If fighting over the thermostat in your office is a daily struggle, a “smart building” might be the solution. It is hard to dispute that a big point of contention between colleagues is the temperature of their communal workspace. Not only does it depend on people’s individual tolerance, but also sections of the building have different temperature variances depending on shade, sun exposure as well as the age and efficiency of the HVAC system. Even with a brand new HVAC system in a new building, maintaining consistent temperatures across an office remains a challenge. Enter “Smart Buildings.”
A “smart building” utilizes technologies to automate building management. Software is in place to manage the buildings operations including temperature and lighting. Secondly, sensors are used to identify temperature and motion changes in the room and will deliver the information to the software for learnings. With these sensors scattered throughout the building, a building management system can target temperature and lighting changes only to rooms in need of adjusting. The building data is tracked over time so that the software can account for seasonal and occupancy changes automatically. Building managers can also use the technology to manage lighting systems in buildings. The technology can sense when a room is empty and it will shut off the lights.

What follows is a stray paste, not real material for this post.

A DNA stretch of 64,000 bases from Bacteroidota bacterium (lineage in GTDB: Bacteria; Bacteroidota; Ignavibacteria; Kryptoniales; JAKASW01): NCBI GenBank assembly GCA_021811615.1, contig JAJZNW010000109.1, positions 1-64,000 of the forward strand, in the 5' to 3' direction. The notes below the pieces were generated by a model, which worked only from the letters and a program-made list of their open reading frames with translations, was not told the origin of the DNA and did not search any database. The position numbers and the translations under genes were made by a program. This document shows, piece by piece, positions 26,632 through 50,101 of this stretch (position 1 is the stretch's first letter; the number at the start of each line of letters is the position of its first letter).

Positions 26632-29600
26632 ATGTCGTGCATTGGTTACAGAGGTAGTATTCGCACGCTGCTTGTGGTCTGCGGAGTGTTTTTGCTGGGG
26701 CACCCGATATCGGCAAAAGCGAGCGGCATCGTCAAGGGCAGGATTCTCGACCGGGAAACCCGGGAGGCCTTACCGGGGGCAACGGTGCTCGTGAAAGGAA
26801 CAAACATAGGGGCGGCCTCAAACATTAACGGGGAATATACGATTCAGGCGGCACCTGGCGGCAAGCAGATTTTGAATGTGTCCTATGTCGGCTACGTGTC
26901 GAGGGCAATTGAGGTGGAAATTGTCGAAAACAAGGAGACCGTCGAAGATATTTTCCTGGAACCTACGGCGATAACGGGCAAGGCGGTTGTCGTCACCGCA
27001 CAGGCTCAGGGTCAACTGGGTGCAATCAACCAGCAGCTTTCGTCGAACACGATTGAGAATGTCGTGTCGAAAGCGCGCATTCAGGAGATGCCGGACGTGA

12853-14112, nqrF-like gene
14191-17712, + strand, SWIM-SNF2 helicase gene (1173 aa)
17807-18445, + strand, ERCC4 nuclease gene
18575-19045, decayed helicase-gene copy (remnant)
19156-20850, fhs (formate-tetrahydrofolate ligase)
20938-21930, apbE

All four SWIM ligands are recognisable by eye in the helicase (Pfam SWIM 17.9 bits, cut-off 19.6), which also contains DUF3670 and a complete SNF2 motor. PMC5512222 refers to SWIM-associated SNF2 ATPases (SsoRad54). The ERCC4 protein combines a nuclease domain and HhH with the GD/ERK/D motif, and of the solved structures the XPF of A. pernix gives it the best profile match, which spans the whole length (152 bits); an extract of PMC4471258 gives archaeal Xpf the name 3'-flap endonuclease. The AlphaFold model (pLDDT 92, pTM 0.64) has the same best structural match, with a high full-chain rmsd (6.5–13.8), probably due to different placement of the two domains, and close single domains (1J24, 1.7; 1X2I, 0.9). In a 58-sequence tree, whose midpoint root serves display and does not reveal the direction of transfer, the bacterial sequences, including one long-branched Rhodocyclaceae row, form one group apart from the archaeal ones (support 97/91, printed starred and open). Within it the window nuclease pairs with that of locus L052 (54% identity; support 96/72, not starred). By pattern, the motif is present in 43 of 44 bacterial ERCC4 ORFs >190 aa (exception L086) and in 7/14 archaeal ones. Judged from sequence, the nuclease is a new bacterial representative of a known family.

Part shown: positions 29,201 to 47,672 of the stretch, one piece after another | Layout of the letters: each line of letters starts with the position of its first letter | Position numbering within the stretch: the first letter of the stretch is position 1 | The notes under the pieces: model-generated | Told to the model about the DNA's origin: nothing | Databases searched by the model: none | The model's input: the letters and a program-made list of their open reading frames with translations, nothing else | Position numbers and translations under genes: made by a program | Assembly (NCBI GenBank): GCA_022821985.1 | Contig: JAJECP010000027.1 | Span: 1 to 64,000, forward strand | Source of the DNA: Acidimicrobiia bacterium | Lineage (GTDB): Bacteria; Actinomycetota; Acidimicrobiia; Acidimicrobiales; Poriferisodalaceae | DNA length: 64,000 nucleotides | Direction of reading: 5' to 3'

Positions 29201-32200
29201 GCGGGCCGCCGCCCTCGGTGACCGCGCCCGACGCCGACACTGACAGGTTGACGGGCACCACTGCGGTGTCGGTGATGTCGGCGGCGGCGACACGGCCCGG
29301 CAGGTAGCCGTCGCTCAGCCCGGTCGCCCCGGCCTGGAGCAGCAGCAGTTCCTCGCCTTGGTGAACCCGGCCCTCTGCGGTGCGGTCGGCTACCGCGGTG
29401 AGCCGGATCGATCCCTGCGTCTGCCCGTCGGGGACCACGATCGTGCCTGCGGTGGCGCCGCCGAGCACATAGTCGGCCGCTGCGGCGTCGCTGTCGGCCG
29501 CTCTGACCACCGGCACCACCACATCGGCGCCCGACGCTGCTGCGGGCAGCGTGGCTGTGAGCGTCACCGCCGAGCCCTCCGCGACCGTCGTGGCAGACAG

Where do we find these “smart buildings?” A good place to start would be newly emerging “smart cities” that offer a wide array of networked technology that control facets of transportation, air and water quality. The number of “smart cities” is anticipated to grow steadily as it is motivated by population trends like migrating from rural to more urban areas. In the next decade, both North America and Europe are slated to be home for half of the world’s “smart cities.”